More field trips were arranged to face the Nigerian bees in the Adamawa State area and to further research the potential for keeping bees. Honey hunting is well known, but bees have also been kept over the centuries in various locally made hives. I was introduced to bee colonies hanging in trees, established in hollow trees, in dried calabashes, log hives, straw hives and clay pots - all local styles of hives well-known in Africa and other places. I was surprised to find no modern hives such as top-bar hives or perhaps frame (Langstroth) hives. As I was told later, the reason is to be found in the fact that no beekeeping teaching has been done recently in the area. Somehow it seems that inviting me might have started pioneering activities towards beekeeping.
The local visits and field trips were followed by a one-day seminar on beekeeping, which was held at the headquarters of Todi Diocese in Bali. One of the main aims of going into beekeeping development is as Bishop Denham described: in this part of Nigeria many young people manage to go to school and graduate from primary and even secondary school. Very few are able to go to university and there is a great lack of companies to employ people. This means that several hang out as unemployed, becoming a burden for their families to house and feed, some start using drugs, and others become criminals. As part of more small-scale activities, beekeeping can stand up against this situation, encouraging people to be active and to generate income. More than 110 women and men from all districts covering most parishes inside the Diocese gathered at this first beekeeping seminar. All the benefits of beekeeping were lined up. Attention was drawn to the beekeepers’ equipment: clothing, smoker, etc. The importance of producing high quality honey by carefully harvesting, transporting and processing was pointed out. Modern hives such as top-bar hives, which can be made locally, were introduced, while showing the benefits in managing bees and collecting honey. At the end of the day the participants were told to consider establishing a local beekeepers’ association.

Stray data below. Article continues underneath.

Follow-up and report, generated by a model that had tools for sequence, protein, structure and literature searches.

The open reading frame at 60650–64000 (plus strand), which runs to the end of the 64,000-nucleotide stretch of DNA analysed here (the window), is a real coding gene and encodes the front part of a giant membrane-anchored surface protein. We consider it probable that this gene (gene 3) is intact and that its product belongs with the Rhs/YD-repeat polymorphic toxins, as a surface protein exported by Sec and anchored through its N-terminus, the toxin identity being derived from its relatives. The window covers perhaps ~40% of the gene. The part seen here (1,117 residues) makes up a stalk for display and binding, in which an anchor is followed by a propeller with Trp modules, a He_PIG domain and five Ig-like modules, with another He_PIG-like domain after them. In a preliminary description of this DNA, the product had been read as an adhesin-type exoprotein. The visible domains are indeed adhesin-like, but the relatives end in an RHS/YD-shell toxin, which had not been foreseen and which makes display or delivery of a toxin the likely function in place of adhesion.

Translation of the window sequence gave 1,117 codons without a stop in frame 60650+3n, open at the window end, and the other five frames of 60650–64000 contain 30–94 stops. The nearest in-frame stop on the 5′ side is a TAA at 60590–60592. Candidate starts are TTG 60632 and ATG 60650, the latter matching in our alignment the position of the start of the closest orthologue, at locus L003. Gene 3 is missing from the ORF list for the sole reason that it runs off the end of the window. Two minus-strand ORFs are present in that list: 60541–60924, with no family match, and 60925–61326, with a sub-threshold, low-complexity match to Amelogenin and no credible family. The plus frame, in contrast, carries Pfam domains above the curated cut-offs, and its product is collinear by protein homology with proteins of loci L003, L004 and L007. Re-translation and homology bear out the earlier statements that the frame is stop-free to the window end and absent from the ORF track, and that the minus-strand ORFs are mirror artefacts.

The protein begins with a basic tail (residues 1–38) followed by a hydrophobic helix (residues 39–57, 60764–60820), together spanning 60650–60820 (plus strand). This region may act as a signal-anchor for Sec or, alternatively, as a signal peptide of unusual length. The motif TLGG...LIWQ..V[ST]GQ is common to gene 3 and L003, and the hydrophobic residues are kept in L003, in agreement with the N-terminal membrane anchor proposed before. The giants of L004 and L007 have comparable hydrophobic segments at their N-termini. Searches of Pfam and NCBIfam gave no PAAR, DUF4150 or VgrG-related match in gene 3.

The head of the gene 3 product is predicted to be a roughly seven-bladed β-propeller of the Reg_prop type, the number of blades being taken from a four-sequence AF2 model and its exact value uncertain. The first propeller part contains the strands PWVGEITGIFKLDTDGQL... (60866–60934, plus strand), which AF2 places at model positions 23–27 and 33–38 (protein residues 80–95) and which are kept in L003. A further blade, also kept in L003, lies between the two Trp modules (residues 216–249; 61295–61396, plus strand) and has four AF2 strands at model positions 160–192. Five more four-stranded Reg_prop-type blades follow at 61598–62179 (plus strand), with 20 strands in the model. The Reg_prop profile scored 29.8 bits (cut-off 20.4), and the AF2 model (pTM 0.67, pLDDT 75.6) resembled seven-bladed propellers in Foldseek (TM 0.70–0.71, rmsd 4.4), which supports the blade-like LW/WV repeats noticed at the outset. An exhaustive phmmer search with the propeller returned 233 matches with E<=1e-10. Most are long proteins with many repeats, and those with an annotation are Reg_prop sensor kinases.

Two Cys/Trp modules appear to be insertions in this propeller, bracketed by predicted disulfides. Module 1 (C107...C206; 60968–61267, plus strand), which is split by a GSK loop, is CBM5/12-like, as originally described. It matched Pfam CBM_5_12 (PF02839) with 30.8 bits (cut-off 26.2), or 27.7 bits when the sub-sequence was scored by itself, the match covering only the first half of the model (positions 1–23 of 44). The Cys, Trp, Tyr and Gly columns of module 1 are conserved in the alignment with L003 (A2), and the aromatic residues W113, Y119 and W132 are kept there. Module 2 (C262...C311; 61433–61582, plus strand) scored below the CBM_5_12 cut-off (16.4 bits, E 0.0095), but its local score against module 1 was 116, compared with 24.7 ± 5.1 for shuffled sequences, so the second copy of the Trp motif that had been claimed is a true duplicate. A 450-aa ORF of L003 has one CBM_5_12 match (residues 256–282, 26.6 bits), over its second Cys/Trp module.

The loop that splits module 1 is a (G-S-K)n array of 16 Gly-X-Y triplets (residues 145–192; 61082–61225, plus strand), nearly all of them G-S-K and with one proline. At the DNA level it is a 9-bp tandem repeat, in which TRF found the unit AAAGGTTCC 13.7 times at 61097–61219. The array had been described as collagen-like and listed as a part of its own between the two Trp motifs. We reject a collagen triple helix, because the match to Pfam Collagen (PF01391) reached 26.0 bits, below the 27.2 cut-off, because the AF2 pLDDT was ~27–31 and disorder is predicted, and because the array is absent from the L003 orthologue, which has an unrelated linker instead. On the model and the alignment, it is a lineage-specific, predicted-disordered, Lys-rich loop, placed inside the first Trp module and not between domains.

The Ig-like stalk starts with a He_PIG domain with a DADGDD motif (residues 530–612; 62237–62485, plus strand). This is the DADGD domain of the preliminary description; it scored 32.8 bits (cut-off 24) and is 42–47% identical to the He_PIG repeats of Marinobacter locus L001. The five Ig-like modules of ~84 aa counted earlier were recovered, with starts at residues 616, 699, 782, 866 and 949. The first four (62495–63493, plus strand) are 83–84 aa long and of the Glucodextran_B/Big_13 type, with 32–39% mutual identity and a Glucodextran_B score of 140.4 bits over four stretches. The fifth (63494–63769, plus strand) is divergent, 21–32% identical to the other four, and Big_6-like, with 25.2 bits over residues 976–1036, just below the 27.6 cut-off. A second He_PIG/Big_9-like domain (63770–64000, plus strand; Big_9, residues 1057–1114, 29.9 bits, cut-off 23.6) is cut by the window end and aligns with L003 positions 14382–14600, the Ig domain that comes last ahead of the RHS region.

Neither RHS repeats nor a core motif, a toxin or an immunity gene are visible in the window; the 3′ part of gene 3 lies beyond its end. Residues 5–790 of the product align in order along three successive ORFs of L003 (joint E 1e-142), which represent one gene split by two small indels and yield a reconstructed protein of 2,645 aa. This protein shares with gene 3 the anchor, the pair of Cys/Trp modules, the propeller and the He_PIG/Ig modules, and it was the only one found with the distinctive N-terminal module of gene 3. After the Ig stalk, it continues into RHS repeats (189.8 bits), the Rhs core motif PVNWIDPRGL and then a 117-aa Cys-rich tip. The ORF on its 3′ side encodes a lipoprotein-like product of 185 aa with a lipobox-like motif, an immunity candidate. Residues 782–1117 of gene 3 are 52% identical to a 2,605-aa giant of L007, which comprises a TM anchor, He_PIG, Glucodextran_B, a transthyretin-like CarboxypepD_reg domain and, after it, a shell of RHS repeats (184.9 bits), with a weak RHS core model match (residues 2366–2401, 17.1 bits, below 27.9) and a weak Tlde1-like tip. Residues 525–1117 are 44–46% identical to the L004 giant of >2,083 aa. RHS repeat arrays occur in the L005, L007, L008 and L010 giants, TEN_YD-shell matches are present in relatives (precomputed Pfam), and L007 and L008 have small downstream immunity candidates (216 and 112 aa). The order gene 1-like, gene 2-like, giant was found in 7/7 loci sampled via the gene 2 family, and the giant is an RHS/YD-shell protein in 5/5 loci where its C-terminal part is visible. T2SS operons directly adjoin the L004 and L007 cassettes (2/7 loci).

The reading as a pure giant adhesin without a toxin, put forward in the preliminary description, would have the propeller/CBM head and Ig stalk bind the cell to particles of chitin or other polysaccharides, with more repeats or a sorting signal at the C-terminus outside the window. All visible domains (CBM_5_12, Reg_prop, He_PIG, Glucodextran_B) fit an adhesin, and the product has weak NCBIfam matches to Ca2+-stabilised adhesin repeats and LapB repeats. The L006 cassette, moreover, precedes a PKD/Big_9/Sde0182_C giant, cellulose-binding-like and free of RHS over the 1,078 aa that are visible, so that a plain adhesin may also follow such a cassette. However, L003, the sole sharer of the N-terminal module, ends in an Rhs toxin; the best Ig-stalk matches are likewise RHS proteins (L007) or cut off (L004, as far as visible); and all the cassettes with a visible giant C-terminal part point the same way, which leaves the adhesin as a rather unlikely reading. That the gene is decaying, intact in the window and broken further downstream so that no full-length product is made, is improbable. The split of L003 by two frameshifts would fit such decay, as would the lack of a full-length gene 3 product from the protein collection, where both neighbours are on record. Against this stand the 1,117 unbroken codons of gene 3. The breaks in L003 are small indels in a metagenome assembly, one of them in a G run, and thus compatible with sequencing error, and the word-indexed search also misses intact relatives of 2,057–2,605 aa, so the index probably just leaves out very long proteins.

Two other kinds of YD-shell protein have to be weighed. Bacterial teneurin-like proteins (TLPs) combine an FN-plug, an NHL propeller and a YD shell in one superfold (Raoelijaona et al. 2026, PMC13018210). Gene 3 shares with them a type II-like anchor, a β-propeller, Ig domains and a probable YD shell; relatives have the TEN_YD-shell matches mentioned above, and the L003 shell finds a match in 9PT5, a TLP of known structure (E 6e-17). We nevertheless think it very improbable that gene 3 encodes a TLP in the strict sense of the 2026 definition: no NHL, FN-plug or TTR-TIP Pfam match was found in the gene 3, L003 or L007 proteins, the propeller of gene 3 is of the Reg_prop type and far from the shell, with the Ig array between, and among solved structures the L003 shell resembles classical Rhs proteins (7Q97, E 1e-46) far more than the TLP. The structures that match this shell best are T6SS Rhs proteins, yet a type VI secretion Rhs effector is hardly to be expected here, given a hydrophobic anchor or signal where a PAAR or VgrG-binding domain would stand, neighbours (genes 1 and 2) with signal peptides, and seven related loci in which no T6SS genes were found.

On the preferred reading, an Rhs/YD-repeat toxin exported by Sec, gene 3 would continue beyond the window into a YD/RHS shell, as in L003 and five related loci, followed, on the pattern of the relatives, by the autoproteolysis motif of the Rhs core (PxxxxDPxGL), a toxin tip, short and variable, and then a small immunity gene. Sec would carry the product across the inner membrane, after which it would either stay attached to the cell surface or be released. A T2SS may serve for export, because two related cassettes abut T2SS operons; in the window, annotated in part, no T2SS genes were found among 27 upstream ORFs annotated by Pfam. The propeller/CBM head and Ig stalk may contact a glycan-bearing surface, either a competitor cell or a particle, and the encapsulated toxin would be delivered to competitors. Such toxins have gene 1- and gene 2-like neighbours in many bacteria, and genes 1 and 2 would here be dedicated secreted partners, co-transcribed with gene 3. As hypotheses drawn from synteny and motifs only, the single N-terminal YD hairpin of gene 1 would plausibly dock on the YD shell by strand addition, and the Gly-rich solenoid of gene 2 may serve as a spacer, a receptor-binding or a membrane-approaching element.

Finally I appointed Bishop Denham ‘Beekeeper’, handing over a beekeeper’s hat and information. Both objectives of my visit were successful, and since then relations have been strengthened further. The next big step may be a beekeeping development project.
Nigerian beekeeper visits Denmark
Whilst preparing my visit I was kindly put in touch with the National Secretary General of the Federation of Beekeepers’ Associations of Nigeria, Mr Aniefok U Ekpo, by the Danish company Swienty. Although we did not meet in Nigeria, half a year later Mr Ekpo visited Denmark. This gave the opportunity to share important information and to introduce him to the well established Danish Beekeepers’ Association. The beekeeping sector was presented by visiting professional beekeepers and queen breeders, companies working at national and international levels, local school apiaries and more.
At the personal, local and national levels, relations between beekeeping in Denmark and Nigeria have developed up during the last few years. Obviously the foundations towards further collaboration have been laid, and it has become clear that beekeepers co-operating across borders have a high potential to develop the sector. This can help in the fight against poverty with great benefits for people and the environment
Bees for Development Journal #76